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This post is extracted from the article published in Communications Law Journal in 2019, written by Maria Cristina Gaeta, Research Fellow at Suor Orsola Benincasa University of Naples, Ph.D in People, Business and Market Law at University of Naples Federico II.


Nowadays, there is no specific regulation for Robotics and AI, even though this topic is subject to many legislative initiatives. We can look at the European Parliament resolution of 16 February 2017, which calls on the Commission to submit a Directive proposal for civil law rules on robotics and AI, and non-legislative acts (such as guidelines and codes of ethical conduct). The purpose of the European Parliament resolution is to address the main issues foreseeable in the next 10 – 15 years, taking into account the Charter on Robotics attached to the Resolution. In addition, the European Parliament considers that the automotive sector is in most urgent need of efficient European Union and global rules, in order to ensure the cross-border development of self-driving cars, the exploitation of their economic potential, and the benefits from the technology. In the Declaration of Amsterdam of 14 and 15 April 2016 on Cooperation in the Field of Connected and Automated Driving, the need to develop and maintain a joint programme with other European countries has been underlined to support these goals, and to remedy the problems arising from the development of this new type of driving.

Another very important EU initiative is the European Commission Communication on Artificial Intelligence for Europe (2018). The Commission highlights the importance of AI, stating that AI is undoubtedly one of the most strategic technologies of our century and the way we will approach AI will define the world we live in.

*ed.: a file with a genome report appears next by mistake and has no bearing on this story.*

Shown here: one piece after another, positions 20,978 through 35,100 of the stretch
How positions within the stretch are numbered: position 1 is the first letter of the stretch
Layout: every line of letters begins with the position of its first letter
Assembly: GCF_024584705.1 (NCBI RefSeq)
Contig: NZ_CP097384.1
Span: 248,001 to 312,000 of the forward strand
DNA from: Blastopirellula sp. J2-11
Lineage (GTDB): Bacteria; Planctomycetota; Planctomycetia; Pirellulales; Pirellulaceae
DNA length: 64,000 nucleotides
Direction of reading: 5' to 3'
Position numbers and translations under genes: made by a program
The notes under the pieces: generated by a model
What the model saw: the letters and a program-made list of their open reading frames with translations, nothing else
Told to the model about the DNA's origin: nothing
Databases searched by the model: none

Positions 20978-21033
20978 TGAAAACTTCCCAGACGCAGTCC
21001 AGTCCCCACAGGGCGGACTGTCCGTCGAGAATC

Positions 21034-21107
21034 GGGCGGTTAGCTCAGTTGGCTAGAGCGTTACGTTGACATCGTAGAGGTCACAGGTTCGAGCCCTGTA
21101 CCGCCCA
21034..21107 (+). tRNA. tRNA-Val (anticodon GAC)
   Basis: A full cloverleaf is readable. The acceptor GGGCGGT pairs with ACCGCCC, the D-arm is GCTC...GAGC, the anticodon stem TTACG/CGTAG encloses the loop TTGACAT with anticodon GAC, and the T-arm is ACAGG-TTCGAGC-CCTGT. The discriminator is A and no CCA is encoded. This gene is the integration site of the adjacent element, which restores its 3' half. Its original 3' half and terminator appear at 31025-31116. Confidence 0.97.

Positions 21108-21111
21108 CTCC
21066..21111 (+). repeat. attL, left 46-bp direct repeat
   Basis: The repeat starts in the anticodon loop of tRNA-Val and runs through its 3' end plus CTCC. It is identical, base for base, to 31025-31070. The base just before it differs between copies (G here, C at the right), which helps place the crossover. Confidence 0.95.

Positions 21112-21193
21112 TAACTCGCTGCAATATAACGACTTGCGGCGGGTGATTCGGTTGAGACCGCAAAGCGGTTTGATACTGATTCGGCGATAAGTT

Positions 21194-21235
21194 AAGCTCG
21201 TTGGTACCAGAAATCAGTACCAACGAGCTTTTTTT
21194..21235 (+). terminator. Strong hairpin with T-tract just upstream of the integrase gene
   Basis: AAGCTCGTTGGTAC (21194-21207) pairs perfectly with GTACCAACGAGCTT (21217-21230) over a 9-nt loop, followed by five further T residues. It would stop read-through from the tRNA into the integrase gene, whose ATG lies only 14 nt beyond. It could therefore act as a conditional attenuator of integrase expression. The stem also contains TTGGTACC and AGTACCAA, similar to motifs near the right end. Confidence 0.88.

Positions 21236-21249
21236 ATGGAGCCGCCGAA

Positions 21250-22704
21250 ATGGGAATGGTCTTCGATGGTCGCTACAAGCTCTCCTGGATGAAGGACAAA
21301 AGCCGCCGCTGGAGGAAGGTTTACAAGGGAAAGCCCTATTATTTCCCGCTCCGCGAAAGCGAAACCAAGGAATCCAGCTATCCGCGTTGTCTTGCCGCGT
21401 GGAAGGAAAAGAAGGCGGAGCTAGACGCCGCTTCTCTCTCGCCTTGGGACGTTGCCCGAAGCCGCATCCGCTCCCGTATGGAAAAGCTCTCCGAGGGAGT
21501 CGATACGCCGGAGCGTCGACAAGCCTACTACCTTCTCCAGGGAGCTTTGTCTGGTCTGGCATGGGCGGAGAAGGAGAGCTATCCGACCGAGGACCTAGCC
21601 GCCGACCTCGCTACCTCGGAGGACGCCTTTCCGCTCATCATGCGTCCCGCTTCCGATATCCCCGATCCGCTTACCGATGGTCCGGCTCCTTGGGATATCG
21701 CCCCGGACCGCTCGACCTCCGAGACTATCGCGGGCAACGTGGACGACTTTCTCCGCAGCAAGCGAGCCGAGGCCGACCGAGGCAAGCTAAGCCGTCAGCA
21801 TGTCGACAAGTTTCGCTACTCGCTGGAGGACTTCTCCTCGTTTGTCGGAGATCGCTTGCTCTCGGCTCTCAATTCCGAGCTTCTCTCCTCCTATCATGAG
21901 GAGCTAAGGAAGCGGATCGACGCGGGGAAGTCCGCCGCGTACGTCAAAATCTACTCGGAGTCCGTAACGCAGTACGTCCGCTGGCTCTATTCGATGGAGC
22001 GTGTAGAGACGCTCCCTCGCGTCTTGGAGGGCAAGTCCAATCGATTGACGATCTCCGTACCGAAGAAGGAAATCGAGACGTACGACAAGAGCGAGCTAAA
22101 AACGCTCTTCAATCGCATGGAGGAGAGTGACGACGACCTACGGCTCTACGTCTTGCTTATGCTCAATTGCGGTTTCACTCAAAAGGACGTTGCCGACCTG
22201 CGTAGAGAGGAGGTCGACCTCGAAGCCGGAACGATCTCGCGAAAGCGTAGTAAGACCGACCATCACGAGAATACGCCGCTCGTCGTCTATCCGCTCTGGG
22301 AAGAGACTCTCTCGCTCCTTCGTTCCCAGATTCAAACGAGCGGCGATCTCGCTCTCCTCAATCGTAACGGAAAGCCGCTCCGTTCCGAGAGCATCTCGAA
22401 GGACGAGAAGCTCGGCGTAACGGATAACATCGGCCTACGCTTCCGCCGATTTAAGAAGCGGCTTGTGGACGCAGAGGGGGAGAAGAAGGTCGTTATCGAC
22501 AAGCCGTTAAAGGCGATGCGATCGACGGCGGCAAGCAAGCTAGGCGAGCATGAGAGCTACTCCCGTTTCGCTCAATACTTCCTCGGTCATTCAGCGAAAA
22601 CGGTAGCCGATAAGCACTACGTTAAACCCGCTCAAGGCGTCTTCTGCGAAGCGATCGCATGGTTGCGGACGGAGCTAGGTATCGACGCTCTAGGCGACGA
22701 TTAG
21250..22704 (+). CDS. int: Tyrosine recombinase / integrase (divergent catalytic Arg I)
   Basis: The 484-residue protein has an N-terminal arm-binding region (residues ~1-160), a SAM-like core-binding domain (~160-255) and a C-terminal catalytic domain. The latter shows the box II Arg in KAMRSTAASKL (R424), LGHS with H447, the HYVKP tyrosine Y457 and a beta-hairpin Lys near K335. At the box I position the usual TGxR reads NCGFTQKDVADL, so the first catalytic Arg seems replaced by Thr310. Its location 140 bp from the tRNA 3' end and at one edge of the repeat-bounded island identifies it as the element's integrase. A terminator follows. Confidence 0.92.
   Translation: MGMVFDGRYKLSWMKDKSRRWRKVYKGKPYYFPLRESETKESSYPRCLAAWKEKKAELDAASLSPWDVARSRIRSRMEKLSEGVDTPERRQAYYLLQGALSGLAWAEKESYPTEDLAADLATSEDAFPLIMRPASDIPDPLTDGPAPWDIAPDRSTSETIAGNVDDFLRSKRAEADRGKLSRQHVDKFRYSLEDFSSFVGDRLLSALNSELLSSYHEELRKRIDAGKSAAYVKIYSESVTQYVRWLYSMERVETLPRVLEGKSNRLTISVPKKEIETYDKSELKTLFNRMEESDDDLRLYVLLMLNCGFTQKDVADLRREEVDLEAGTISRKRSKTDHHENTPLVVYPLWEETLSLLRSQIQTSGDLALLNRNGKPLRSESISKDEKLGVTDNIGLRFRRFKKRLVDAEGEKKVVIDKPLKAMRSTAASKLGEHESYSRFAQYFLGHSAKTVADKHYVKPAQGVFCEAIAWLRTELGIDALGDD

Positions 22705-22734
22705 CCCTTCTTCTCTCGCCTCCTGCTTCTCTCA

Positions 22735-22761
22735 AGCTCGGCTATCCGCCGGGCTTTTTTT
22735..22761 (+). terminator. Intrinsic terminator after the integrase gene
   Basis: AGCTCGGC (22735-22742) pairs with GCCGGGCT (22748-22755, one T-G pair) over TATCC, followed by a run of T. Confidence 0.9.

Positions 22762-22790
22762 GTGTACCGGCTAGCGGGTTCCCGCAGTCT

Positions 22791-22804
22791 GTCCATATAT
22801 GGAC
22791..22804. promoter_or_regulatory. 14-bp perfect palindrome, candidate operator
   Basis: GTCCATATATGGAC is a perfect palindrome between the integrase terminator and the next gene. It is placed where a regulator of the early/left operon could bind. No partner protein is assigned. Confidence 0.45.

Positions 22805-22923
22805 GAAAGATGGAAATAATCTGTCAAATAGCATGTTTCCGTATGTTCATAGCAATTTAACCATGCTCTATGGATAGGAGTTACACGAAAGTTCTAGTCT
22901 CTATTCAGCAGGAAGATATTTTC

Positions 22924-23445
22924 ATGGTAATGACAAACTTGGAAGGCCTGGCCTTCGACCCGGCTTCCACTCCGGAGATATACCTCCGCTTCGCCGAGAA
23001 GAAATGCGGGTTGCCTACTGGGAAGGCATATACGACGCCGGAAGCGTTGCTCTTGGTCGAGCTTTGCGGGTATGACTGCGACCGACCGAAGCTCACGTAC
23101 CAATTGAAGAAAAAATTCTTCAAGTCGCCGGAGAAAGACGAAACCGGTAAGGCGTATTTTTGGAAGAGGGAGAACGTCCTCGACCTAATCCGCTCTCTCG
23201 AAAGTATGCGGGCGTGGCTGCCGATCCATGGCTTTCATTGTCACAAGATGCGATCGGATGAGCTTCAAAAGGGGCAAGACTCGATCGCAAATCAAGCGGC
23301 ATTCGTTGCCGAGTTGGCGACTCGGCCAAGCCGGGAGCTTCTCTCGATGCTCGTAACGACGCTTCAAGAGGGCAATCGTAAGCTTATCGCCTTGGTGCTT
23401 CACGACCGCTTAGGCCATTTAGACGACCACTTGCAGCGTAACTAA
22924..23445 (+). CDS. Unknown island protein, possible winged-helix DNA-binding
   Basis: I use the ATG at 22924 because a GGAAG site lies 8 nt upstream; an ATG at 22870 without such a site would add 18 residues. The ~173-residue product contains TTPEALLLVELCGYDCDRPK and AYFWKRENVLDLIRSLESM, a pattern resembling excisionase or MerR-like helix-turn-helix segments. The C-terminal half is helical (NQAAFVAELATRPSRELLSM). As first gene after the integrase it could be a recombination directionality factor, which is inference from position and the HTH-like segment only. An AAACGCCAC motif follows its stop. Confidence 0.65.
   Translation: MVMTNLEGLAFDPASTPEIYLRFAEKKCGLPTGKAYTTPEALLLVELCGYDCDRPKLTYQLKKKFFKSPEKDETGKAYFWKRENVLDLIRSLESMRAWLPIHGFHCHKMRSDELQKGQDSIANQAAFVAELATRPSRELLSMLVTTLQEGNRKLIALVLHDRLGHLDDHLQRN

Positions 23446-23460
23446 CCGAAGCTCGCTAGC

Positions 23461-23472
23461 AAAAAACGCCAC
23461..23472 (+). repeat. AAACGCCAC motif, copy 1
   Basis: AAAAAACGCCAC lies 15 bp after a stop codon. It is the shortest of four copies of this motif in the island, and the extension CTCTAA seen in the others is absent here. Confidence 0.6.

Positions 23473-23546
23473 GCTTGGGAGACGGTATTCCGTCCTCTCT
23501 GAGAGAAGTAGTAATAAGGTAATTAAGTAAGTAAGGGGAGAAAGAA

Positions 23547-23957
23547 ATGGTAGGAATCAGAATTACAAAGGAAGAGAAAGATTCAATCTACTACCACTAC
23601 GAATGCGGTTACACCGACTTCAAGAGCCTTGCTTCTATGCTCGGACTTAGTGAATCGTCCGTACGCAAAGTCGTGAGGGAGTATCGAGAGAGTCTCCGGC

Following the European Commission Communication on AI, on 8 April 2019 the High-Level Expert Group on Artificial Intelligence published the Ethics Guidelines for trustworthy AI, which lists all the requirements that AI systems should meet in order to be trustworthy for human beings. In the same light and the same day the European Commission published the Communication on Building Trust in Human-Centric Artificial Intelligence.

Regarding the protection of personal data, as a specific aspect to be regulated with reference to Robotics, the European Resolution points to the centrality of the issue of data protection and the EU Parliament is clear in establishing that Civil Law rules on Robotics have to be GDPR compliant (current European Regulation on data protection which came into force on 24 May 2016). In addition, the EU Resolution asks the Commission to ensure the respect of the principles of data protection by default and protection by design (e.g. pseudonymisation), to implement data protection principles such as data minimisation. At the same time, Articles 7 and 8 of the Charter of Fundamental Rights of the European Union, and Article 16 of the Treaty on the Functioning of the European Union (TFEU), provide that aspects of data protection have to be addressed with particular regard to Robotics.

On the basis of the foregoing, the right way could be the extensive application of the existing regulation and, in an evolutionary way, the development of a specific framework of rules for self-driving cars, and a specific section of this framework should regulate the processing of user’s personal data generated, stored and processed by connected vehicles. As there is a specific discipline for traditional vehicles, it would be desirable to have an ad hoc regulation for autonomous vehicles (at least for those that are completely autonomous).